Davis is himself a teacher who draws students to creative writing. Known for his enthusiasm that carries over into classroom discussion, Davis is an advocate of “teaching from the inside,” or writers teaching writing.

Most recently Davis spent the summer writing flash fiction””stories of 1,000 words or less””in preparation for a class he teaches this fall.

“I like to experience what I’m teaching,” Davis says, sitting in a coffee shop in midtown Santa Fe. “I’m a relentless eavesdropper. If I go to a restaurant  like this I want to eavesdrop.” He points to a large man engrossed in conversation with a woman a few tables over,  “For example, I love that guy’s gestures over there; I wanted to do them.   I like to do gestures and feel what it’s like to be that person.”

Known mostly for his poetry””Davis has three books of it””he’s been writing more fiction recently.

“It shifts the way I approach the world,” he says; fiction pushes him to listen to conversation and look for social cues and nuance. (“By the way, sewer cleaning is a good job for a fiction writer,” he says. “You’re in peoples houses in the most intimate way.”) This is different than the poet’s approach. With a wry smile, Davis says: “Poetry is a kind of antisocial activity, very inward. Consequently if you’re at a party, hang out with the fiction writer.” He lets out one of his easy chuckles, “Poets talk about sensations they’ve had, music they’ve listened to. Whereas fiction writers might go so far as to ask how you are.”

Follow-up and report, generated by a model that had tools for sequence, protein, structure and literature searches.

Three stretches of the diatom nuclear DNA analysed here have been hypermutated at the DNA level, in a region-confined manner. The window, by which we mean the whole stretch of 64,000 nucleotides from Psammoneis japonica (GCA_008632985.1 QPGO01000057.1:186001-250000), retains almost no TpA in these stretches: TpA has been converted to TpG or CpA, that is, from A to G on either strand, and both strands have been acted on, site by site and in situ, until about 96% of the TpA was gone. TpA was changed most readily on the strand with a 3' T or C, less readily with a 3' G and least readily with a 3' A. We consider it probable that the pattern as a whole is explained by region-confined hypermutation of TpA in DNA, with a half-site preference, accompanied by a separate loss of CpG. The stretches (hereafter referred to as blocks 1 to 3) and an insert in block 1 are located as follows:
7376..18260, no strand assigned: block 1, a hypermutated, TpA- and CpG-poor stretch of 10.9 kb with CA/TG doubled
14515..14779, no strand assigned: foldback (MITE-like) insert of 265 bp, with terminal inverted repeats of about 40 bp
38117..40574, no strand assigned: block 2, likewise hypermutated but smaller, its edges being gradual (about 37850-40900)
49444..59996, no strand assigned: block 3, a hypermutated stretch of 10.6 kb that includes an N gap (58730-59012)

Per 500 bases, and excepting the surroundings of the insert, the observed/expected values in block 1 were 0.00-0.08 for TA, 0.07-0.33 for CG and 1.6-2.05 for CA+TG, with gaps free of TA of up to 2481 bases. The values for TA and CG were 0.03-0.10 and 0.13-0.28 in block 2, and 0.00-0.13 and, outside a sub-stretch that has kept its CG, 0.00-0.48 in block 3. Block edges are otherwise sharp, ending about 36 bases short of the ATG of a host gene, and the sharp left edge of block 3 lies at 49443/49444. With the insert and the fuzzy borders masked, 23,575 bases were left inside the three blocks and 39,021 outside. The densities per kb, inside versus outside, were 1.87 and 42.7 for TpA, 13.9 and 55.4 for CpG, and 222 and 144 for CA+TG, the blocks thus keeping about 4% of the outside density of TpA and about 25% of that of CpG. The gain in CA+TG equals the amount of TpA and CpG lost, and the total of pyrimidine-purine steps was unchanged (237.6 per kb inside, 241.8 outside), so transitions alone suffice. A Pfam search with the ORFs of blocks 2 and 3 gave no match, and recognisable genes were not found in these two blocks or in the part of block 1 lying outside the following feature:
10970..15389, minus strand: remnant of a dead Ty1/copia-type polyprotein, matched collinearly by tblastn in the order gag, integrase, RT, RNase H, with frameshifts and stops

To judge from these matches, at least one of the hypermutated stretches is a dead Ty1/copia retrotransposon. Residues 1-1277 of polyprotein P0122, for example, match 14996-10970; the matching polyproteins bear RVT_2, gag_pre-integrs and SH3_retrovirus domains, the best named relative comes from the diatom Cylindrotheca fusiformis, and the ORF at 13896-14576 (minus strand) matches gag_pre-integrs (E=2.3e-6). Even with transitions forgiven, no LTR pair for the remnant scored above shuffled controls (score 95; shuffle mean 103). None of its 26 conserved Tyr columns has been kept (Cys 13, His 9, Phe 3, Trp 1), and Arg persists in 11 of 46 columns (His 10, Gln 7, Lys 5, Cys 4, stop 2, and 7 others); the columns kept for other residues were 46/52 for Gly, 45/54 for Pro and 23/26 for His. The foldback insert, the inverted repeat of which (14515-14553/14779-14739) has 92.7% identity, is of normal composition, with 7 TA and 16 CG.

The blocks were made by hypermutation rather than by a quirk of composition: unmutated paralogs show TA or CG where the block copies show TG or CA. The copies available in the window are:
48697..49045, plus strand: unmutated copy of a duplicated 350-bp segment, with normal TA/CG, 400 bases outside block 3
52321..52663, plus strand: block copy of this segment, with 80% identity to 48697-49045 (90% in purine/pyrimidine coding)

At IAIA Davis is the most at home. Davis admits that as a gangly, 6’2” white man with thinning hair (speaking of gestures, Davis will often run a hand over his head””mostly bald on top now, cut short on the sides””and, laughing, lean back in his chair when he’s made a joke or hears one from someone else) he didn’t fit in right away with the IAIA community. But the place has easily become home. He identifies with the students, with their suspicion of institutions, and coming from welfare and alcoholism, Davis identifies with students who feel like outsiders as well. “It just feels really natural after 21 years,” he says.

And as for the heteronyms””Davis has written as more than 15 different people””it’s quieted down. “It’s only Chuck and me now,” he says with a sigh. Davis loves humor, connects with Native Americans there, too. And Chuck, whether he tries to or not, gets people laughing””at themselves, at institutions, at life. “Satire is the revenge of the powerless,” he says with a smile.

And if you were wondering, as chair of IAIA’s creative writing program, Davis has big plans, the main of which is The Cruise.

“It’s a two-year program where we’ll rent a cruiseship and go around the world. By the end of it, everyone will have a novel.” Davis’ grins, runs a hand over his head and leans back in his chair.